Swift, by contrast, exercises commercial savviness with far more finesse. A bona fide crossover artist, she is easily the most successful of the nominees, and her two biggest hits this year, “We Are Never Ever Getting Back Together” and “I Knew You Were Trouble,” debuted on the “Billboard Hot 100” and shot to the top. Both songs, with their electronic flourishes and dance club aspirations, stand in stark contrast to the twangy, rock n’ roll-inflected sounds that dominate the country stations. Yet the rest of the album, “Red,” features a guitar-driven aesthetic, with confessional, impressionistic writing widely praised as some of Swift’s best. And for good reason—though she abandons the sly, punning tendencies of her country music brethren, she puts her own stamp on the genre’s penchant for metaphor and storytelling.

Skip over to the list for Single of the Year and you’ll find variety in an otherwise homogenous genre. True, the duo Florida Georgia Line with “Cruise,” and Tim McGraw with “Highway Don’t Care,” featuring Taylor Swift and Keith Urban, carry on the trend of driving-themed love songs. (McGraw’s album is titled “Two Lanes of Freedom,” and features a song called “Truck Yeah”—trucks are a tried-and-true trope, it seems.) But right alongside them is Darius Rucker with his cover of “Wagon Wheel” by Bob Dylan and Ketch Secor.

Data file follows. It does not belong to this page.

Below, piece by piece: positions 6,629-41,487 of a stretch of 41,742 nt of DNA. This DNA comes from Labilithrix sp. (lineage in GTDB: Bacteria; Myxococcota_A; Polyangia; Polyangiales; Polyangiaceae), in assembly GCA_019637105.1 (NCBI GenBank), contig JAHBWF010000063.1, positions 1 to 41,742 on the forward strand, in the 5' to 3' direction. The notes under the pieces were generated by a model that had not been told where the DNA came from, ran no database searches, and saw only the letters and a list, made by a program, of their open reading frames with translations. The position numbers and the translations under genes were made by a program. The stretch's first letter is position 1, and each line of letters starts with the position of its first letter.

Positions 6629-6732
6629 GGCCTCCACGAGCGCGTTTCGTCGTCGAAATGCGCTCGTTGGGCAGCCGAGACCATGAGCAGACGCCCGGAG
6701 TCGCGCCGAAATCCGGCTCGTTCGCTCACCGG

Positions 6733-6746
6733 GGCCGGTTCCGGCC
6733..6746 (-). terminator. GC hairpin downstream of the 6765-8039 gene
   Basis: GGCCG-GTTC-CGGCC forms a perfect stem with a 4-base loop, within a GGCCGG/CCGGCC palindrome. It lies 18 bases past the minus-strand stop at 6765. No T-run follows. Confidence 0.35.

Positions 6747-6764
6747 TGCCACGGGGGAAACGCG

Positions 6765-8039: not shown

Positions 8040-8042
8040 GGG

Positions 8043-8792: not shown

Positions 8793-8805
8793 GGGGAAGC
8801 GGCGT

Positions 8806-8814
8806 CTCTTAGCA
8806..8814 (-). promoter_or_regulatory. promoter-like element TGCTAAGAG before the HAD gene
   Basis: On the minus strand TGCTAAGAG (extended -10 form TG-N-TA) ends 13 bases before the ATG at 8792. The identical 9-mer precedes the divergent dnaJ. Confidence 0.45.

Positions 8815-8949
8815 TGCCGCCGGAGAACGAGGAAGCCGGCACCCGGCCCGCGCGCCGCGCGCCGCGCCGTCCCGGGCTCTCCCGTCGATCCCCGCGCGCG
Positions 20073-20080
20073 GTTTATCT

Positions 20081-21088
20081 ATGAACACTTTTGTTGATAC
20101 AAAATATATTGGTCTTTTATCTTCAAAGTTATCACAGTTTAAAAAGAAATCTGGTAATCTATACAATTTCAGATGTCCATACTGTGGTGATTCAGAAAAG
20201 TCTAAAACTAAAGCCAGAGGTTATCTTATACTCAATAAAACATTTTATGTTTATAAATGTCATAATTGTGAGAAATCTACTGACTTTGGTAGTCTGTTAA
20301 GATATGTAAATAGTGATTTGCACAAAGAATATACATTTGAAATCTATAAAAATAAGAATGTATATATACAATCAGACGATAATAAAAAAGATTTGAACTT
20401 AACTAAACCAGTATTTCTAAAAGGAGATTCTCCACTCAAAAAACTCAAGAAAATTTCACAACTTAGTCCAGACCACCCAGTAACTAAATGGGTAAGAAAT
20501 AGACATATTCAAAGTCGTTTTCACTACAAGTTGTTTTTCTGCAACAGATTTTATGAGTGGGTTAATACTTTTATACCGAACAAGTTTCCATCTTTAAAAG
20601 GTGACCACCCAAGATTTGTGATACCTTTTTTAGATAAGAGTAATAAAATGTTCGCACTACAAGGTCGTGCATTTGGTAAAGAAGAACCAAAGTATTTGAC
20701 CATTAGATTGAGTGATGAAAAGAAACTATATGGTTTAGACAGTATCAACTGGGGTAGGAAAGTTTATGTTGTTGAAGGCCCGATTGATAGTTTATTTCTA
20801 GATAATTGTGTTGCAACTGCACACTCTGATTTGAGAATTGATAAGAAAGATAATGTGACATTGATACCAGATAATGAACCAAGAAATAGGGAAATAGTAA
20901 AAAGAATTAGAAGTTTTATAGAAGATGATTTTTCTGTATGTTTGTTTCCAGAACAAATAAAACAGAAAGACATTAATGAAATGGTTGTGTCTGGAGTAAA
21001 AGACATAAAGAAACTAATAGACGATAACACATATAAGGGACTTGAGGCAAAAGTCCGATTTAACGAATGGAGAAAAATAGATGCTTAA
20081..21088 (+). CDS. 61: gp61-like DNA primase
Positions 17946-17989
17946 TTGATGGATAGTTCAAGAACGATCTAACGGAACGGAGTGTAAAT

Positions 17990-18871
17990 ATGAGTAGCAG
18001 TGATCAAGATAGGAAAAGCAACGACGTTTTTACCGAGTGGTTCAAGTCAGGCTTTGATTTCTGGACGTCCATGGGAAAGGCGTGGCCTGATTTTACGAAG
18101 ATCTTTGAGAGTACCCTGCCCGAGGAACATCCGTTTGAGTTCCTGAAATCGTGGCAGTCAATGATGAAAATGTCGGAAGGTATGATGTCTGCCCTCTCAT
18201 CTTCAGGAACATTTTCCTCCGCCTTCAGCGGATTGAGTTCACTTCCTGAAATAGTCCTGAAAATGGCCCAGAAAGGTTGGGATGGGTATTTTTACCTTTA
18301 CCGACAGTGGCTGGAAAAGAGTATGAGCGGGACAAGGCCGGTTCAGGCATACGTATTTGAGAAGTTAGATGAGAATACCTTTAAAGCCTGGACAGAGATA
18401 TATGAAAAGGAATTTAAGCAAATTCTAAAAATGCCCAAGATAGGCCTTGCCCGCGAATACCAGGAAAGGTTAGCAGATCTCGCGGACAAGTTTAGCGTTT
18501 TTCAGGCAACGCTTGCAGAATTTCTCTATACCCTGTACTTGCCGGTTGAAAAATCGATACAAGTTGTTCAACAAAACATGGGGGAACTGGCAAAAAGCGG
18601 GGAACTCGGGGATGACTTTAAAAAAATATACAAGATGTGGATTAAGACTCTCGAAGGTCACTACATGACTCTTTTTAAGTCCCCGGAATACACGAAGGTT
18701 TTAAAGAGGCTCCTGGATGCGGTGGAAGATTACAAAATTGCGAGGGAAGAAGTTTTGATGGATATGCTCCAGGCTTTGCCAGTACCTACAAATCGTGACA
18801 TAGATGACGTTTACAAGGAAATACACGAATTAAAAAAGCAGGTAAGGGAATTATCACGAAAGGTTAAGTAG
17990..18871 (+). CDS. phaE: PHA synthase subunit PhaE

As only the second African-American to ever win a CMA Award, in 2009 for Newcomer of the Year, Rucker is already an outlier. But in a genre dominated by behind-the-scenes songwriting teams, “Wagon Wheel” stands out as much for its unusual conception: Dylan recorded the chorus in 1973, and Secor added verses and popularized the song with Old Crow Medicine Show in 2004. Rucker’s version is perfectly enjoyable, though it lacks the mild eccentricity of Old Crow Medicine Show’s bluegrass treatment or the edginess of Dylan. And, of course, it falls squarely into the love-and-trucks category so popular among its kin.